Is the increasing tension between nationalism and globalisation pushing the world toward war? That’s the question Professor Martin Daunton addressed while delivering the annual Charles Goode Oration at Melbourne Business School in late 2019.


From Bretton Woods to Financial Crisis: The Rise And Fall of Economic Governance

2 May 2019

The Griffin Economic History Summit Public Lecture, From Bretton Woods to Financial Crisis: The Rise and Fall of Global Economic Governance, will be presented by Martin Daunton, Professor Emeritus of Economic History at the University of Cambridge.


Cumberland Lodge Video Link | Martin Daunton | Cambridge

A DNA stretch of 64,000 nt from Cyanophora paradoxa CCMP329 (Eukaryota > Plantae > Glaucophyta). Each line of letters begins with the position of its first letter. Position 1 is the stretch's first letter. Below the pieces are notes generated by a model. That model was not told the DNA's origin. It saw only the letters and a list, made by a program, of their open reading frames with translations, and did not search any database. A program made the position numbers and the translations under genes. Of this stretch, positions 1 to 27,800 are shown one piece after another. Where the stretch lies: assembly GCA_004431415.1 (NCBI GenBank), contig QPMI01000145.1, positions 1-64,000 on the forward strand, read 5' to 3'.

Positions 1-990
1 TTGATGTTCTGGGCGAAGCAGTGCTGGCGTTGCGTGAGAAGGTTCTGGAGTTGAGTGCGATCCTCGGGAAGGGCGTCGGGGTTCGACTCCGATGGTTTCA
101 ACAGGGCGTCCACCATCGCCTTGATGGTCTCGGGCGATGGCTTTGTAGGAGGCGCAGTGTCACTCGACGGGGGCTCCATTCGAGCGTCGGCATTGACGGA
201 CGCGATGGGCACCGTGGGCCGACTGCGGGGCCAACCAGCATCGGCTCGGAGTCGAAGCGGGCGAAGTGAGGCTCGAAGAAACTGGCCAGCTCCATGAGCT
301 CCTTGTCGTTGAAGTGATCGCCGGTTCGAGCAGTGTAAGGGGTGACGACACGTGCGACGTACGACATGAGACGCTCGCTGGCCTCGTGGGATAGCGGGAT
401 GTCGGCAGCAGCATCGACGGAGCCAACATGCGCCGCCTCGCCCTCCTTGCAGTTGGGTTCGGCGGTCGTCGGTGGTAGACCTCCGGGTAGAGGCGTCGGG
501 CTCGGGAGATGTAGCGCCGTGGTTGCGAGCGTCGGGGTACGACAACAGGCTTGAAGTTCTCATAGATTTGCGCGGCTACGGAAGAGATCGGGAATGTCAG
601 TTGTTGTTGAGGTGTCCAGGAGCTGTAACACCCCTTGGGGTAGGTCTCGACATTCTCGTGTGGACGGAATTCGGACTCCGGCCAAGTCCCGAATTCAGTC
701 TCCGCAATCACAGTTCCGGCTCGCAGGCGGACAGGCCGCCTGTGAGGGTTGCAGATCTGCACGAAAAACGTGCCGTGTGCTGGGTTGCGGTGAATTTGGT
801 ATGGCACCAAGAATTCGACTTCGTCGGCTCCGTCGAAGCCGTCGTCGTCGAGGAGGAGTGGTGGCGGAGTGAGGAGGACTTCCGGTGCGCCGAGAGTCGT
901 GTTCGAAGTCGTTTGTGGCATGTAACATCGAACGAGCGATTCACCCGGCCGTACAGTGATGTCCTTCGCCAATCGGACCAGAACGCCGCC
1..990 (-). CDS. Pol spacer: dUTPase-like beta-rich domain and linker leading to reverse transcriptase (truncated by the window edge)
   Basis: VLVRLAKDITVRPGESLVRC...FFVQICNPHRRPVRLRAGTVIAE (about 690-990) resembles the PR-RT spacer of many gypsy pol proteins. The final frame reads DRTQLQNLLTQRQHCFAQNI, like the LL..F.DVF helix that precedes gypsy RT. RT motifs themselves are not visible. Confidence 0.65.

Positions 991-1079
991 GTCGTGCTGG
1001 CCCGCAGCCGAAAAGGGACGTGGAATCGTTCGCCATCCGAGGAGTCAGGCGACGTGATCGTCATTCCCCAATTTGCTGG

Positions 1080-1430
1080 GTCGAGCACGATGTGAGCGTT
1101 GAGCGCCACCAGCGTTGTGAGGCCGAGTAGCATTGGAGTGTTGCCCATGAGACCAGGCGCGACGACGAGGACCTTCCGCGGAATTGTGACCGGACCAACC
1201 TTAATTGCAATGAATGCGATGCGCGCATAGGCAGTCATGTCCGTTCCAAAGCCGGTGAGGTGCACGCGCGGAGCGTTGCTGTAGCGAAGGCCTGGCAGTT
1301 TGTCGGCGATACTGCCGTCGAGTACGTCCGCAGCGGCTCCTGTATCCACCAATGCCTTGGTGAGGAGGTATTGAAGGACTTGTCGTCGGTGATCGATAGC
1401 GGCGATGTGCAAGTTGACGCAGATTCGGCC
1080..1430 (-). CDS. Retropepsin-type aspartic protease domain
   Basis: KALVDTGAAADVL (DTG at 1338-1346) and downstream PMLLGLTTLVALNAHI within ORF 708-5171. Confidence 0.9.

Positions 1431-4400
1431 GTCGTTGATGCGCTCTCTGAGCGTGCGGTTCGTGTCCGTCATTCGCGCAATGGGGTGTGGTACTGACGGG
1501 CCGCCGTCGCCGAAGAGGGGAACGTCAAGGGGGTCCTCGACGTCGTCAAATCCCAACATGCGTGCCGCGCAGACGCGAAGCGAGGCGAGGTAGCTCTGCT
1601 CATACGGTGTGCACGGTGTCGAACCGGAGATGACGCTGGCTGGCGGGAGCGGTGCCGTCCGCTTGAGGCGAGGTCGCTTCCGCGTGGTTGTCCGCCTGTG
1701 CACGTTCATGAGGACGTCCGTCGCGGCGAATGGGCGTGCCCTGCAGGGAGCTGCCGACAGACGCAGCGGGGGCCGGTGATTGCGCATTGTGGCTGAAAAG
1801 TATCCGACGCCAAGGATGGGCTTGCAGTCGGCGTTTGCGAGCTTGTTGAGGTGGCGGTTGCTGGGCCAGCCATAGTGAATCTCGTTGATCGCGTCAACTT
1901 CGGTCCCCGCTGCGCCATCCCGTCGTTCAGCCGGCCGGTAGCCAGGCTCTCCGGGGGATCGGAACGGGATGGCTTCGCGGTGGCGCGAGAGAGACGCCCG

Contested Histories and Multiple Identities: The Place of the Past in the Present – Public lecture

6 March 2019

A recording of the public lecture that closed our ‘Difficult Histories & Positive Identities’ conference in February 2019, by Professor Martin Daunton

Martin Daunton Video Link | Martin Daunton | Cambridge

One World or Two Worlds? Defining Britain’s place in the world economy after Bretton Woods

The University of Manchester

28 March 2019

A seminar with Martin Daunton of the University of Cambridge.

Martin Daunton Video Link | Martin Daunton | Cambridge

Tawney Lecture 2015: Contesting Reconstruction: Remaking the Global Economic Order

13 May 2015

In this year’s Tawney lecture, Martin Daunton considers the conflicting and contested notions of the reconstruction of the world economy after the Second World War.


The following books are currently in print.  Details are availble by clicking on the jacket image.

© Copyright - Martin Daunton